> But, is that the best we can do? Shannon’s Theorem 3 does not address that question, since it only suggests a suboptimal code. (The optimal code of rate R simply disregards all but the 2^(NR) most probable sequences of length N.) Shannon finds the answer in Theorem 4: as long as we require probability of error strictly less than 1, asymptotically, we cannot encode at rates below the entropy. This statement is commonly known as the strong converse source coding theorem. The converse (or weak converse) source coding theorem asserts that error probability cannot vanish if the compression rate is below the entropy.

Later on the same page:

> The variable-length source code that minimizes average length was obtained by D. Huffman

So what you want is to learn about how Huffman coding works. There are many such examples - it's common in data structures courses and text books. One example is in the classic "Structure and Interpretation of Computer Programs" at https://mitpress.mit.edu/sicp/full-text/sicp/book/node41.htm... . Look around and you'll find plenty more.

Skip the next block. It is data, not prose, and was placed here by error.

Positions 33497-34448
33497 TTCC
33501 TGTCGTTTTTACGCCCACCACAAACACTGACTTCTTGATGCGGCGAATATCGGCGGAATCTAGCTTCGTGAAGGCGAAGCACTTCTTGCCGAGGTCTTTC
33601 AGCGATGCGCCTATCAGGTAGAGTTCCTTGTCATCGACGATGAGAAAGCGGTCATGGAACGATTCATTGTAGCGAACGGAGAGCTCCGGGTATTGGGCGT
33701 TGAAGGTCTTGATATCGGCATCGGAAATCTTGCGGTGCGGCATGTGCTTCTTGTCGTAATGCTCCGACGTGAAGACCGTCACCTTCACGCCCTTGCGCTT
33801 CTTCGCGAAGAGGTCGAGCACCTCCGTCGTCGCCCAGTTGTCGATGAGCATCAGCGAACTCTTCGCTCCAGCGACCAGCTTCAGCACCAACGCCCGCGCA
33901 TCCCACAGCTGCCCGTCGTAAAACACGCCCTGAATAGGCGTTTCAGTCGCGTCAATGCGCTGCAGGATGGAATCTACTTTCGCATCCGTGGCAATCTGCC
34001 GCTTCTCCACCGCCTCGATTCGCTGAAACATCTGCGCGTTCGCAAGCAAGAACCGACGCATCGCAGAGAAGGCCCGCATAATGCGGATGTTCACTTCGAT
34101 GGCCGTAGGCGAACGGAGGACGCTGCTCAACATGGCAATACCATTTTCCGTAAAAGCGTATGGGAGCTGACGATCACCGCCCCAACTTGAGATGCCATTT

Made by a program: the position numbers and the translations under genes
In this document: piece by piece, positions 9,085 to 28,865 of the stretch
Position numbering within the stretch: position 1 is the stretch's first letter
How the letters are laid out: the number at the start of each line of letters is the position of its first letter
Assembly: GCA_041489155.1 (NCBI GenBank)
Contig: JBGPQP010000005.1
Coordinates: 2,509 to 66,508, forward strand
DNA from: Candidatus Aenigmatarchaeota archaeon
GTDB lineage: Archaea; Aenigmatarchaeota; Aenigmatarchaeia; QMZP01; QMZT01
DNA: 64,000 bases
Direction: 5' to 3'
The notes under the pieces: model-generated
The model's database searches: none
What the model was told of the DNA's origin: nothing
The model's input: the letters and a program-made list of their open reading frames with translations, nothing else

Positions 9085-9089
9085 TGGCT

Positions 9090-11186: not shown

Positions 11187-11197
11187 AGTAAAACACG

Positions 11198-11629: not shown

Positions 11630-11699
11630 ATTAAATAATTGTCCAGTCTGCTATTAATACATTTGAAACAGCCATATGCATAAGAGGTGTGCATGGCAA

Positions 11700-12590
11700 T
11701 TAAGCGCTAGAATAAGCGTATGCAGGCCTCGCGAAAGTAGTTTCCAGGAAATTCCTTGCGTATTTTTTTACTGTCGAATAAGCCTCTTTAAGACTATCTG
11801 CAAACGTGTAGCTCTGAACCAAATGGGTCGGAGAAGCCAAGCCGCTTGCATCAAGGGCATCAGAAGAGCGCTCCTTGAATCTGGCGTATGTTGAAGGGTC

There are also many code examples at at https://rosettacode.org/wiki/Huffman_coding , and worked-out examples at StackOverflow, like https://stackoverflow.com/questions/11587044/how-can-i-creat... .

The Wikipedia page at https://en.wikipedia.org/wiki/Huffman_coding seems unhelpful for a novice.

There is better than Huffman coding now, see range coding [1] or arithmetic coding [2], as used in Zstandard [3] for example. In a nutshell Huffman coding is optimal under the constraint that one uses an integer number of bits per coded symbol. This constraint is quite natural so was not stated explicitly, but it's not a necessity. Range / arithmetic coding are using a continuous encoding covering a full sequence of symbols. In the end, this enables having a fractional number of bits per coded symbol, and matching the actual probability of a given symbol. This saving leads to a more compact encoding.